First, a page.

Losing his job after an unforeseen lie-in, Powell found himself wandering the studio spaces of the University of Huddersfield, where a tutor urged him to sign up. Uni course finished, Powell headed to America to paint gallery-sponsored street art with friends. But it was with his detailed Biro portraits that he got his big break: when one of his pieces was featured on the website Colossal, the response was huge.
Mark Powell in his Brighton studio
© Mark Powell
2. He only works in Bic Medium Biro
Using pen adds an extra layer of complexity to the artist’s portraits and other works, but not just any pen will do – this model is his ballpoint of choice. “Simple and readily available”, Biros are a way for Powell to democratise his art and inspire future artists along the way. However, using the pens means there’s no room for mistakes: Powell has previously said that if something goes wrong, the work immediately goes in the bin.
Close Up Magic Tricks
Stunning work-in-progress shots revealing more and more of Powell's recent drawing, 'Close Up Magic Tricks'.
© Mark Powell
3. He’s a Hang-Up favourite
Perennially popular with Hang-Up customers, Powell’s works have been exhibited in our group and solo shows for more than a decade. Thought-provoking and intricate, his work never ceases to create wonder in the viewer and – for those building collections – complements work by many other artists on our roster, including Powell’s heroes Jean-Michel Basquiat and David Hockney.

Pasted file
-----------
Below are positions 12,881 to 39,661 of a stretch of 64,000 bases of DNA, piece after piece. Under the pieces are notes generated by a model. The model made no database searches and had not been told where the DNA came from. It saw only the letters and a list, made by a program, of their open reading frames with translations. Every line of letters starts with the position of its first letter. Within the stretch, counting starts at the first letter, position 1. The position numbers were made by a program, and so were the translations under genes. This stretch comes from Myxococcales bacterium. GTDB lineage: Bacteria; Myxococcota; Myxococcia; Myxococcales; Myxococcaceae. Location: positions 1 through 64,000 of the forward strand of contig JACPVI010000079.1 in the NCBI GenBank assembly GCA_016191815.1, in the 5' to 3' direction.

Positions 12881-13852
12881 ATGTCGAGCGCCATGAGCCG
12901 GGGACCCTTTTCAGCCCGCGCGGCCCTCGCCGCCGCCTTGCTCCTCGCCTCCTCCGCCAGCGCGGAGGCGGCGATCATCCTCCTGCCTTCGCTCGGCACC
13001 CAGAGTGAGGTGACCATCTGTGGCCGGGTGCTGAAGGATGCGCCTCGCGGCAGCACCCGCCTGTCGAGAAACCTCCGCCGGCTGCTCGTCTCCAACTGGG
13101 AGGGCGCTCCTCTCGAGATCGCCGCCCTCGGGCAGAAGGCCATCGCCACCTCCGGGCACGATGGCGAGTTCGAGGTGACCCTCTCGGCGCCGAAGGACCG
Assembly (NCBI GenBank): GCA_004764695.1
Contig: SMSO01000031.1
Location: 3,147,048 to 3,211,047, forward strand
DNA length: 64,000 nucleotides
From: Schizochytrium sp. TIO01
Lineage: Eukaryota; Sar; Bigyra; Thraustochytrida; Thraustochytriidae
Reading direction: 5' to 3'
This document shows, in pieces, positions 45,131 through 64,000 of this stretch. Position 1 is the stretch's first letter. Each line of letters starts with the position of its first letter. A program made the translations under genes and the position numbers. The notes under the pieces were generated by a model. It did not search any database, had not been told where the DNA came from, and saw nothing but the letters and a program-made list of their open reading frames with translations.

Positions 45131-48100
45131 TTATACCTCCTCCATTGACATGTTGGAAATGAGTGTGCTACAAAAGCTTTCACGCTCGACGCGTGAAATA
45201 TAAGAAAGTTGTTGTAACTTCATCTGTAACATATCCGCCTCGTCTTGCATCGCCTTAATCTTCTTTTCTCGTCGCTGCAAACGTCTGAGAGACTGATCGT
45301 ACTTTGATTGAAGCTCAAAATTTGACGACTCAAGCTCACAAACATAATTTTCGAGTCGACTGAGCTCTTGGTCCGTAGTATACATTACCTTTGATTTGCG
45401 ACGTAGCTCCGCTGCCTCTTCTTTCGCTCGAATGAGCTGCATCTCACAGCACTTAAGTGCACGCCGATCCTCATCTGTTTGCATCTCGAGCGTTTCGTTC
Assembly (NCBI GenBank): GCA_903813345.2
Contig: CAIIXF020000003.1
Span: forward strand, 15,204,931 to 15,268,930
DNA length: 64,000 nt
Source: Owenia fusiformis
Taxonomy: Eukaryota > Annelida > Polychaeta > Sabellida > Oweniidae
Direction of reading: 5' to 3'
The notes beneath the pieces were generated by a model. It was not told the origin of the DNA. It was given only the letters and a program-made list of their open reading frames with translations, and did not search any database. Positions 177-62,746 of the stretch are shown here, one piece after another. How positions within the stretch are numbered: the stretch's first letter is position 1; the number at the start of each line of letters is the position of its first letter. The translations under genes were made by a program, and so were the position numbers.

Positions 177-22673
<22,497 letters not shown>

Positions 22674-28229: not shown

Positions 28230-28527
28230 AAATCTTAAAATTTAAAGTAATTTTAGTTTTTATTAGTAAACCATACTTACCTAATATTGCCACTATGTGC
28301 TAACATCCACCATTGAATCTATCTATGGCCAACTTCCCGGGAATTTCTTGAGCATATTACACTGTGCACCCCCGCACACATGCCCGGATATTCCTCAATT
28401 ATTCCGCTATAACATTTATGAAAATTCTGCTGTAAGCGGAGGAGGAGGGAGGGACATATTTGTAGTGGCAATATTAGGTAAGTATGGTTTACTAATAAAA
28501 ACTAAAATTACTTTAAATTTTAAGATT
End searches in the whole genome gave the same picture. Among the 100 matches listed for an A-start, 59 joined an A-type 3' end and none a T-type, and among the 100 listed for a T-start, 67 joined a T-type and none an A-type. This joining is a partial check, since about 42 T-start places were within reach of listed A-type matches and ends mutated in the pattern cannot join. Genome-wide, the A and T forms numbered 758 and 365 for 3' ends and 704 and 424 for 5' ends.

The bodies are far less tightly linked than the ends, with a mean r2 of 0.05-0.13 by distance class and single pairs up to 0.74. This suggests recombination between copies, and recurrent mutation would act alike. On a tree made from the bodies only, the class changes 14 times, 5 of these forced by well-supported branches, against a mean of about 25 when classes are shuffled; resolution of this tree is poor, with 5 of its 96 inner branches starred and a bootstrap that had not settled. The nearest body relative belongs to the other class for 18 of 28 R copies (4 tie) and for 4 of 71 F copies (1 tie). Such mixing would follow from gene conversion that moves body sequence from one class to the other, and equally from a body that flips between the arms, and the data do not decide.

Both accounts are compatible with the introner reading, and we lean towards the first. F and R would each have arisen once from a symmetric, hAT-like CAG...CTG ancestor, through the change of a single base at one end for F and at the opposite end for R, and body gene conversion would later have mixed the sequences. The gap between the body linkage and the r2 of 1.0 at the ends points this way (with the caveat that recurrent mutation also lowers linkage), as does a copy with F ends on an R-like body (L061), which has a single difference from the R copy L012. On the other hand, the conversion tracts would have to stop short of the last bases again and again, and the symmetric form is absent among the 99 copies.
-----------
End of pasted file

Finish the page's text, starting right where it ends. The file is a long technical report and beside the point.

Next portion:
Installation views of Mark Powell's 2016 exhibition Anthropology at Hang-Up Gallery.
4. Many of his pieces are on antique documents
When somebody gifted Powell an envelope sent during World War II, it ignited a passion for found objects. Struck by the idea that whoever sent the letter contained inside may never have come back from the Front, the artist decided to draw the sender as he might have looked when he got old. Now, Powell uses maps and letters from as far back as the 18th-century on which to draw his trademark portraits. The documents inspire the subject matter for his pieces, whether in terms of story or aesthetic.
Portraits of Frida Kahlo and George Orwell by Mark Powell
© Mark Powell
5. His portraits are highly detailed
Reflecting his tendency towards historical found documents, Powell prefers to depict older people in his work because of the stories written on their faces. Due to the intricate nature of his pieces, the artist often works from photographs rather than live subjects. Aside from people, Powell also draws highly detailed still lifes of cameras, typewriters, animals and more.
All Conversations Are New
- Ballpoint pen drawing on a collection of antique envelopes
- Signed by the artist
- 55cm x 58cm
- Sold framed
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